Pogemiller wants to balance Pawlenty time
ST. PAUL -- The Minnesota Senate's top Democrat wants a chance to respond to what Gov. Tim Pawlenty says on his weekly radio show.
In a letter to WCCO radio in the Twin Cities, Senate Majority Leader Larry Pogemiller, DFL-Minneapolis, wrote that the station has provided the Republican governor "unfettered and unanswered access to the public's airwaves."
He asked Mick Anselmo, a CBS Radio senior vice president in charge of WCCO, to "provide a periodic segment following the governor's show for lawmakers of the opposing party to provide a different point of view."
Pogemiller added: "A publicly licensed station such as yours should be interested in ending the ongoing monologue and embrace a dialogue of the ideas and issues facing our state."
WCCO did not immediately respond to a request for comment on the Pogemiller letter, which only sought time on WCCO, not another 14 stations across the state that carry the program.
However, the governor's spokesman said Pawlenty's show offers differing viewpoints.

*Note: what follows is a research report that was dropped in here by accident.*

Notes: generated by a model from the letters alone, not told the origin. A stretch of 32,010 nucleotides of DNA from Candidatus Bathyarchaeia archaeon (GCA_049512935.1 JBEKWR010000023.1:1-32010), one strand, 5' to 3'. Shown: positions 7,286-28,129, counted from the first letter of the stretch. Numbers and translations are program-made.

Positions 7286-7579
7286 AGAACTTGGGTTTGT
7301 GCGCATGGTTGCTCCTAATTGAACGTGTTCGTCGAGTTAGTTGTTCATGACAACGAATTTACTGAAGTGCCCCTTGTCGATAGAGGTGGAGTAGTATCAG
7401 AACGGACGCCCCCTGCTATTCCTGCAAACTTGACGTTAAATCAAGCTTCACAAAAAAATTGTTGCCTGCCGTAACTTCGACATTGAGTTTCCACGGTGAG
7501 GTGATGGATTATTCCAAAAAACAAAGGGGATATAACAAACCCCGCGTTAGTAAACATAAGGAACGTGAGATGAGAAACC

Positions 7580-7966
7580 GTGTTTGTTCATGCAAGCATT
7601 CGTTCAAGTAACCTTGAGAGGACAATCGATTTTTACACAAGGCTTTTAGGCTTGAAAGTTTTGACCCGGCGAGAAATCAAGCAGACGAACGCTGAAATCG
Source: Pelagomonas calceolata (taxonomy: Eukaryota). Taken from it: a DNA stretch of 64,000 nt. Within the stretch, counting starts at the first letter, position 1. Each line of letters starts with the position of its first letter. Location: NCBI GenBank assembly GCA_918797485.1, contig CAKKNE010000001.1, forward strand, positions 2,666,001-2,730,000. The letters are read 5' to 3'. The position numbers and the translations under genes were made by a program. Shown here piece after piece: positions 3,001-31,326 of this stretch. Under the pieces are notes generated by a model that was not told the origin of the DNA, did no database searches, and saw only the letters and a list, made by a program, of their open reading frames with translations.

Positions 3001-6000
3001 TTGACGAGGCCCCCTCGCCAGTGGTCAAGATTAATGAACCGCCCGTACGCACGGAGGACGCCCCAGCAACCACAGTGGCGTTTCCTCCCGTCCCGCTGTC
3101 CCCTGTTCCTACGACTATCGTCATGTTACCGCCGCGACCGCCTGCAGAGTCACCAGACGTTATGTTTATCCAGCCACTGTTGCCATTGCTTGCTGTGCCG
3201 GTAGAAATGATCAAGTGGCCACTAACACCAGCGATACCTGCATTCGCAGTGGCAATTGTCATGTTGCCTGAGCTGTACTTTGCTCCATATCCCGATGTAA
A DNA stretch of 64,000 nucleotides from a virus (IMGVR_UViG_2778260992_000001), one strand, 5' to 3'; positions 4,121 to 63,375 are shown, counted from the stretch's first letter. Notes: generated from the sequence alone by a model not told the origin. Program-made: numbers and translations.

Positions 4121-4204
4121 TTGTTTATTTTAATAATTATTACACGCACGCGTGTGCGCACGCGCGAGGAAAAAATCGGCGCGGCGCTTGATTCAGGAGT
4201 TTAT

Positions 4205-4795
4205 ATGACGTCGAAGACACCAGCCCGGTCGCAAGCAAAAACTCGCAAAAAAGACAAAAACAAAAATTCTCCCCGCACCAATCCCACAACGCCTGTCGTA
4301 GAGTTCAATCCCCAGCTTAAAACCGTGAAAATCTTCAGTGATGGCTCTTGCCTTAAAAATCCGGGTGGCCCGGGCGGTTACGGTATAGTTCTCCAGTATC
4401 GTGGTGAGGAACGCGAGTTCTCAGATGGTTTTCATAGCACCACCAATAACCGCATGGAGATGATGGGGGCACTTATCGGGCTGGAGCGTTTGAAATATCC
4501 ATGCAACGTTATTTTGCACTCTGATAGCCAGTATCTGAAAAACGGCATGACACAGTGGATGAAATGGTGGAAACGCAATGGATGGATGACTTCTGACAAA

"Close to half of 'Good Morning Minnesota' is devoted to taking calls from ordinary Minnesotans each week, and Gov. Pawlenty encourages people whose opinions differ with his to share their perspectives on the air," Pawlenty spokesman Alex Carey said. "While neither WCCO nor 'Good Morning Minnesota' are legally required to offer equal time, numerous Democrats and non-Republicans have been guests on 'Good Morning Minnesota,' including Sen. Amy Klobuchar, Gov. Janet Napolitano, Gov. Ed Rendell, Mayor Michael Bloomberg, E.J. Dionne, David Gergen and many others, and to suggest only Republican viewpoints are represented on the show is factually incorrect."
Pogemiller wrote that Pawlenty, who also occasionally fills in for an absent WCCO talk-show hosts, often "misrepresents the positions of his opponents." The senator also claims Pawlenty uses the airwaves for an "ongoing cultivation of his public persona.
The issue of giving opponents time is not new. When then-Gov. Jesse Ventura hosted the show, legislative leaders for a while were given air time. But their response was not nearly as popular with listeners as Ventura's show.